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Frustrated with MES. meat temp not rising. Aware of plateau but just not happening..

post #1 of 6
Thread Starter 

Just looking for opinions here.  Running a 2.5lb pork roast and a 2.5lb brisket.  At this point, I am 5.5 hrs into this and meat temp is only 163*.  At a rough estimate of 1.5hrs/lb, things seems to be running a bit slow here and I suspect we will be about 10-12 hrs on this...  I hit my plateau at 145* and started climbing out again but just real slow. 


I raised the cabinet temp to 250* because I am an engineer and looking at the cabinet design, it appears there will be a strong heat current in the back of the cabinet where the sensor is.  I realize some might cringe at running a higher temp but in an MES, the meat does not seem to be suffering much.  I really want to get in to baste some more but it costs me about 30min of recovery every time I do it.  At this point, I am about to just abandon the baste and concentrate on heat. 


Thoughts?  With each chuck of meat being 2.5lbs, I would expect about 4-5 hrs on this smoke but this is going to push way more than that....I am also using a new Oregon temp probe during the cook but it has proven itself to me as pretty damn accurate.  I am debating going out to stick another area of the meat.  I am testing the brisket only right now and have not checked the pork.  Should probably do that but it will cost me....

post #2 of 6

Basting is not really necessary with the MES, it is so well put together that the juices from the meat provide enough moisture and the meat does not dry out. Most of the time I set mine up and open it when the meat is done. I have not ever done such a small size of meat but as long as you are sure of your temp inside your cabinet and of the meat leave it closed and let it work. It will be done when it's done, which is dictated by the composition of the meat from there. If I do open mine up it is to wrap the meat in tin foil at 165. As you stated every time you open the door you are losing time.

post #3 of 6
Thread Starter 

I have read several that foil up.  Is that to try and retain heat and push the internal temp up or to retard any additional smoke infusion and concentrate on heating?  Just curious.  I was going to try it but have seen pics of some real disasters with foil.  seems to steam the outside layer and make it mush instead of crispy.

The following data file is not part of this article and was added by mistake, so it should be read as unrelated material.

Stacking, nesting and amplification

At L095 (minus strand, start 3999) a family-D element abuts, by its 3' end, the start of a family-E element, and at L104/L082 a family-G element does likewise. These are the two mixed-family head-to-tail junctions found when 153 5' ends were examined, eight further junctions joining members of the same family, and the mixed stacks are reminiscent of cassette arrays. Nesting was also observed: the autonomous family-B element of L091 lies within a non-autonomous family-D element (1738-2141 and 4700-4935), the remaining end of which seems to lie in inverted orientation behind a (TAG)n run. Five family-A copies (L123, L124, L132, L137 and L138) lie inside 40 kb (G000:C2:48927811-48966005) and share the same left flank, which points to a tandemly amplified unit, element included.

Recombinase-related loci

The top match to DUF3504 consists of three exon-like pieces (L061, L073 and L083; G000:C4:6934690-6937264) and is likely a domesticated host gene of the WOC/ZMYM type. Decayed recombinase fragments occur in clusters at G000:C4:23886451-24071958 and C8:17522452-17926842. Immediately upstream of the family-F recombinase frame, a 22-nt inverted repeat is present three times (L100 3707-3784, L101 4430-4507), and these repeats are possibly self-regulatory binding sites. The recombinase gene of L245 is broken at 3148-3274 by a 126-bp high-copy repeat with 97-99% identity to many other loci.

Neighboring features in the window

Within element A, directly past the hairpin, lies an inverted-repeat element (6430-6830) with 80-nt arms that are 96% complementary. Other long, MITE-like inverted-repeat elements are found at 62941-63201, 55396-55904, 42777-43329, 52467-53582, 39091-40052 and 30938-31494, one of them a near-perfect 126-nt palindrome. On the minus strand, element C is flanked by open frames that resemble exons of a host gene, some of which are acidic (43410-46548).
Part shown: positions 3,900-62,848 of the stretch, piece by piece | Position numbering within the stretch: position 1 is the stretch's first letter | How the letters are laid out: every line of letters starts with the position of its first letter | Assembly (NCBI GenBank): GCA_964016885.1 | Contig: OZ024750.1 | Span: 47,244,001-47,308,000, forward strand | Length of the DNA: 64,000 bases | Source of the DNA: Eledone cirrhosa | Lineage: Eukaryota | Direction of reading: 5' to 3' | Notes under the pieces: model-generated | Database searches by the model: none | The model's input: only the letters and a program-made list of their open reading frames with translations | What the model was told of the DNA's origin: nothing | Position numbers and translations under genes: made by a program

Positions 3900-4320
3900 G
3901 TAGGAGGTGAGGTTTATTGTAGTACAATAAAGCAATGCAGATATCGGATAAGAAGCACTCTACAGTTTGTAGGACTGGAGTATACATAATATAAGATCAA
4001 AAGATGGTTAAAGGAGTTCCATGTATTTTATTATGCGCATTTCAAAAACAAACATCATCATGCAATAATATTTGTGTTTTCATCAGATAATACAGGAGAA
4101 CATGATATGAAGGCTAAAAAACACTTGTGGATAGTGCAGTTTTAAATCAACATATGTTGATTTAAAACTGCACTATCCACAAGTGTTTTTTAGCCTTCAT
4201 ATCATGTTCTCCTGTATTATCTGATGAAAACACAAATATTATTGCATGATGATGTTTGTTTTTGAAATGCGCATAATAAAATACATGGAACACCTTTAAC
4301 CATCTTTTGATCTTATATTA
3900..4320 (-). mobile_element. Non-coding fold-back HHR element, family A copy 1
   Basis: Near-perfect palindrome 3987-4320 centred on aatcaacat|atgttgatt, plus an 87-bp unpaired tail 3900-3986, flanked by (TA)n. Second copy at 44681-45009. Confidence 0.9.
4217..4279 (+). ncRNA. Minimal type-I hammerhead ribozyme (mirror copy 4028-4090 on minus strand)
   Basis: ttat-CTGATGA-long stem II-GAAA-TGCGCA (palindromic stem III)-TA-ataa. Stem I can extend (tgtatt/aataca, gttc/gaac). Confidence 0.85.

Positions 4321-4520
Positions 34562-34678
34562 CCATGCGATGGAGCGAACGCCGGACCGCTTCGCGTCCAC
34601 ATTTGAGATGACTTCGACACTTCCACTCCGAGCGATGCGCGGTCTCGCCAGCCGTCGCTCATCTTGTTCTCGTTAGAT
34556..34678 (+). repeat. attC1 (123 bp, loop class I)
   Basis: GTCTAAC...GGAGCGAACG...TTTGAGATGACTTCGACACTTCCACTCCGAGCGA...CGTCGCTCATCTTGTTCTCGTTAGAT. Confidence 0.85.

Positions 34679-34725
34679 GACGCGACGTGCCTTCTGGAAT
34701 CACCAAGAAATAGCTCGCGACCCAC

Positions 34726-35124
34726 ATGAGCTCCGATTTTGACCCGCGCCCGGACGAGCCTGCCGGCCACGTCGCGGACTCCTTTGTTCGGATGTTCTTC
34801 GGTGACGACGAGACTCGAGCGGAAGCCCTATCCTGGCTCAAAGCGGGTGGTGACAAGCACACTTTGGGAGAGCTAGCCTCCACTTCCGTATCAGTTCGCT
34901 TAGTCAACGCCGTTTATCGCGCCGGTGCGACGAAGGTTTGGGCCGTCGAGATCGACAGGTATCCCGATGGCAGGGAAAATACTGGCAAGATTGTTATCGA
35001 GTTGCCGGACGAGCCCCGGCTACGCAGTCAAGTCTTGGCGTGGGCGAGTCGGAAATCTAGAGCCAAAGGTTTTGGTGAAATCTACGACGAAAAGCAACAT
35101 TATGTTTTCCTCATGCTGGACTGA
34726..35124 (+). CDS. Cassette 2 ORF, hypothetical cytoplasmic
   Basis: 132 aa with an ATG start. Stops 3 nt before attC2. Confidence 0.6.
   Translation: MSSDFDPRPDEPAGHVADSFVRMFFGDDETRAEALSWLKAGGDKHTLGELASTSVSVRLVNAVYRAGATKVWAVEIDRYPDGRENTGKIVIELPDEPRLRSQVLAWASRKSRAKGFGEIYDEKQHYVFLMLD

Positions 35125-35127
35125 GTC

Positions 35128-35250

I just decided to go quickly open the cabinet and move my probe to the pork,  It is only reading about 5 degrees hotter than the brisket.  I am feeling more confident in my probe and I think it is pretty dang close here.  With the stick, the meat did not really seem all that ready either.  The probe usually goes in pretty dang easy when done.  I am at 176* on the pork right now....

post #4 of 6

I'd be checking your pork right now...the brisket needs higher temps to finish anyway...if its a bone-in or bone-less pork loin or anything else you'll not take to high temps for pulling instead of slicing, I'd get it out just under 160* and let carryover take it the rest of the way. 160* for pork is considered a safe temp by USDA guidelines, and you'll have a much juicier eating slice if you don't wait too long.


Check the pork and let the brisket finish when it will, or you could risk over-cooked pork.



post #5 of 6
Thread Starter 

Well, I decided to quickly open the door and move the probe to the pork.  I found a 5* higher temp than the beef.  I pulled the pork at 190* which  I will have to decide is good or bad.  So far, it seem friggin juicey but it is resting right now.  My Brisket is still climbing real slow and at 188* right now.  I am starting to think that not only internal temp but time at a specific temp might be important.  IE, holding a brisket for 4hrs at 180 might be the same as driving it straight up to 200*.  At this point, I am about to just pull the brisket at 190* and see what happens.  I can them decide if it si dry, tough, etc and tune accordingly.  I think electric smoke is just different, especially in an insulated/sealed cabinet where juice cannot easily escape.  

post #6 of 6

You are WAY over thinking things, I been using an MES 40 for a few  years and it ain't that hard.

The type of cooking we do is low and slow.  jacking up the temps may gain you a few min. but it can also cause the meat to dry out.

 The methods that are posted on how to smoke specific cuts of meat on the site are tried and true.

 Set your smoker at 240 degrees if it will maintain it w/ meat in it put the meat in the smoker .

 after a couple of hours put your temp probe (s) in , When the meat hits the target temp either foil and keep cooking or

Remove wrap and let rest b4 slicing or pulling.

There are ways i have found to speed up the process a bit  but raising the temps is not part of it ,but the trade off is lack of bark.


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